Reforestation And Climate Change
D. Ramsey from New York, NY, asks “I know that deforestation is causing us to lose valuable carbon-dioxide absorbing forestland globally at an alarming rate. But I rarely hear about reforestation as a means to confront climate change. Does it offer too little hope for making a dent in the problem? Or might a large-scale reforestation effort in the United States or elsewhere make a significant difference?” and is answered by Director of Climate Research and Analysis Doug Boucher.
Reforestation does offer a great deal of promise for confronting climate change, but more so in the long run. Perhaps the biggest difficulty with reforestation as a strategy is simply that it takes so much time to reap the benefits for global warming. If you plant a seedling today, it will take several decades to get the same carbon sequestration benefits we get from mature trees in tropical forests. So, in the short and medium term, reforestation cannot offer nearly as much benefit as limiting deforestation in the first place.
Still, it is important to note that it is a viable strategy. For more background, you should look at a report UCS wrote on the topic called “The Plus Side.” It is also important to note that, globally speaking, the land is technically available for reforestation on a large scale. For instance, Richard Houghton, a leading expert on the subject at the Woods Hole Research Center, recently estimated that we could make a very significant impact on global warming a few decades from now by planting trees on around 500 million acres. It surely sounds like a lot of land but, by way of comparison, the world has about 10 times that amount in pasture land right now, so it would not be a matter of trying to plant trees in the desert or on lands already used for crop production.
Perhaps the most important thing to bear in mind, however, is that the planet continues to lose some 25 million acres to deforestation each year—a very large amount of forest land, the loss of which results in a major contribution to global warming, not to mention the loss of biodiversity and “ecosystem services” that forests provide, such as helping to supply clean water. In the short or medium run we simply can’t replace that through reforestation. So, over the next decade or more, we have to reduce deforestation and this is where we have been focusing most of our efforts.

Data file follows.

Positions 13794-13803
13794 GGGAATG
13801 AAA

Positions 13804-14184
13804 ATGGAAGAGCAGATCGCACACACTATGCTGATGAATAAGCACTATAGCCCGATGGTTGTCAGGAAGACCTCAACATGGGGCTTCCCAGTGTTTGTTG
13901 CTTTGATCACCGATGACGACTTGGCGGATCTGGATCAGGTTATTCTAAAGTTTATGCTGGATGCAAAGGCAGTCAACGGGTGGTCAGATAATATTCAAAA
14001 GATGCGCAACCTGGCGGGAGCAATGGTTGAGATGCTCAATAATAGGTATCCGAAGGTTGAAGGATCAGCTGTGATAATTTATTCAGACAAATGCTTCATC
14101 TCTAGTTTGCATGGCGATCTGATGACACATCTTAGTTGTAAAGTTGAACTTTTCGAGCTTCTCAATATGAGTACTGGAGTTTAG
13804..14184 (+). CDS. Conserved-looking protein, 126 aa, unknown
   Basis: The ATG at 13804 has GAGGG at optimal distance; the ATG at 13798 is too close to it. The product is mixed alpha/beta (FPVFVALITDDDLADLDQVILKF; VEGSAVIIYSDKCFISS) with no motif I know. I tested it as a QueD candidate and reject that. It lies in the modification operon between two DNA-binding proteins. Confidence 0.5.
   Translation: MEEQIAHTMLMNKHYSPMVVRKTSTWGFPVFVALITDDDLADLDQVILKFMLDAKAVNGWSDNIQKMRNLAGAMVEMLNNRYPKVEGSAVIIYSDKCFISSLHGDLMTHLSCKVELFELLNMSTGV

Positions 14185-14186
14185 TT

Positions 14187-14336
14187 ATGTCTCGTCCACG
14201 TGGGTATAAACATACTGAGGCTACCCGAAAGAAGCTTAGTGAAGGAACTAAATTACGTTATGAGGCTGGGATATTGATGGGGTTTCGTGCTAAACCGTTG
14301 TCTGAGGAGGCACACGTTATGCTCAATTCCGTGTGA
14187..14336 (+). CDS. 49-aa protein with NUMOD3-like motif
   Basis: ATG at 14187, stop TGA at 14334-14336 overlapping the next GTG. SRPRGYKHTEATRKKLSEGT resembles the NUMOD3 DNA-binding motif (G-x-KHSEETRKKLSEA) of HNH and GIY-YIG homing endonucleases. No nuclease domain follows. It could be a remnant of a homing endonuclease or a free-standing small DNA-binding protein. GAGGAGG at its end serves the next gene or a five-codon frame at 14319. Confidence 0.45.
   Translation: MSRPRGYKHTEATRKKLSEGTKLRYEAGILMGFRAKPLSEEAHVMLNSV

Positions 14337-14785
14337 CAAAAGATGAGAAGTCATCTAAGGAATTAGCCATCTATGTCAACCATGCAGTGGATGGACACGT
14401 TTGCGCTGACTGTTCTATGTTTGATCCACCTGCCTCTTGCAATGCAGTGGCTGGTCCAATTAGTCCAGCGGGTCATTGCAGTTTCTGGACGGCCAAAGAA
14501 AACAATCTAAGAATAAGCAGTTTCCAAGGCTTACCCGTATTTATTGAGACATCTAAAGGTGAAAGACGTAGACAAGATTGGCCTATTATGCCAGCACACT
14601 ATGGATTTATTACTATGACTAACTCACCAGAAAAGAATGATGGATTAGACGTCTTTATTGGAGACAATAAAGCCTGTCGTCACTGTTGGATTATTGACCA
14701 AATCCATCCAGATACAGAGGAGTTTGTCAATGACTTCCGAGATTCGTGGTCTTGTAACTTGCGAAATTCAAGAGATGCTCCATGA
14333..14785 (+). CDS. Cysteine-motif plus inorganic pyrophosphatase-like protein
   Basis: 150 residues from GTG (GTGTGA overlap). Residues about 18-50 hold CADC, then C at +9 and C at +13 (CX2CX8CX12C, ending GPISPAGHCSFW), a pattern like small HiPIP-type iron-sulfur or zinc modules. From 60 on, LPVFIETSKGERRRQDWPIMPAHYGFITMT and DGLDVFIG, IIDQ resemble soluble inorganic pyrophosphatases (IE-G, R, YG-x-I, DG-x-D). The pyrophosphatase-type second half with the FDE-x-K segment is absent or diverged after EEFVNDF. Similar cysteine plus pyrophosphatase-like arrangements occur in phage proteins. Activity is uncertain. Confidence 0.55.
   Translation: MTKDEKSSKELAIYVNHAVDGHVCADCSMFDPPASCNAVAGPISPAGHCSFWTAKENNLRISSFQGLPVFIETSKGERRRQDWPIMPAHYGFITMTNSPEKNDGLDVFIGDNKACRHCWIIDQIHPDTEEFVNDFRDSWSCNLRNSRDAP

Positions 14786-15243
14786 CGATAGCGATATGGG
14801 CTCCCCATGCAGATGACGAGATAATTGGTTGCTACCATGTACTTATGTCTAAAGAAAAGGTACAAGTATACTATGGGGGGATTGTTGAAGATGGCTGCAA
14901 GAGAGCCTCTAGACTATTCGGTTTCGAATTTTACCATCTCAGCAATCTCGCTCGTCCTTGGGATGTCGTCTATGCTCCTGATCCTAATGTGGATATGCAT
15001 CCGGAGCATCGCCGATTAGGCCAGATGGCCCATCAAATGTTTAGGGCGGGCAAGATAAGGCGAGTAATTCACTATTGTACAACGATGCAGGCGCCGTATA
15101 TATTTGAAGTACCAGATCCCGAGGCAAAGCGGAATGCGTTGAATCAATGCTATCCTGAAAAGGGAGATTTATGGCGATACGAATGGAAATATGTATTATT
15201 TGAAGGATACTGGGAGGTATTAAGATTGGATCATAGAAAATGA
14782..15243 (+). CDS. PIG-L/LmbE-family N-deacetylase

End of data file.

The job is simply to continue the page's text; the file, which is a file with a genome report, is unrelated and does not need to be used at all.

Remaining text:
The good news is that we now think we can reduce net deforestation to zero over the next several years and we have made a lot of progress to reduce the rate of deforestation already. It’s a very ambitious goal but we think it is a feasible one. In particular, we are heartened by the case of Brazil, where they have managed to reduce the rate of deforestation by more than two-thirds over the past six years. The Brazilian case shows us how much is possible, as do similar success stories in several other smaller countries, such as Vietnam and Gambia.
In our efforts to reduce deforestation, most of our recent work has focused on the key drivers of deforestation today, namely: soybeans, beef, palm oil, and timber. In virtually all of these cases, there are alternative ways for producing these things more productively on land that doesn’t require deforestation. Soybean production, for instance, used to be responsible for some 20-25 percent of all deforestation in Brazil as forests were cut down to make room for its cultivation. Since 2006, however, with a moratorium in place prohibiting the sale or export of soybeans from any deforested area, soy’s contribution to Brazilian deforestation is down to less than two percent of the problem. This can be accomplished elsewhere as well.
Reducing deforestation to make way for beef production is harder, in part because many ranches don’t have clear, legally recognized boundaries. We don’t have the data yet to know for sure whether it has had the same success as with soy, but we think that the cattle moratorium in Brazil since 2006 has the prospect for similar improvements as with soy, by putting pressures in place not to produce or export meat from deforested areas.
Meanwhile, palm oil offers a somewhat different case because just two countries—Indonesia and Malaysia—are primarily involved in its production and the palm oil industry is very productive and profitable, which makes it hard to counter. Plus, palm oil is used in literally thousands of products, from shampoos and cosmetics, to processed foods and even industrial applications. The key here comes in trying to ensure that palm oil is produced sustainably. It is possible to do, in that if you plant oil palm trees in the right places, such as on already cleared or abandoned land, its cultivation can actually yield a net increase in carbon sequestration. But, unfortunately there is more work to be done to stop the ongoing deforestation to make way for lucrative palm oil production which is very bad for the planet and for global warming.
Finally, our latest research on wood products shows that there really is a viable alternative to deforestation by establishing sustainable plantations for wood products, especially multi-species plantations (pdf). What turns out to be critical is what kind of land you establish the plantations on. Again, this is a kind of reforestation that can offer a modest benefit in carbon sequestration and a more important one in taking pressure off of existing natural, native forests. But it has to be done on the right lands; when forests are cleared to put in plantations, the net effect is very bad for both the climate and for biodiversity.
So, in all these ways, reforestation does hold real promise for confronting global warming, even though job one remains reducing deforestation now. Most people feel good about planting a tree—and they should—but those efforts can’t replace our overriding need to work to protect the forests that are already there and prevent them from being destroyed.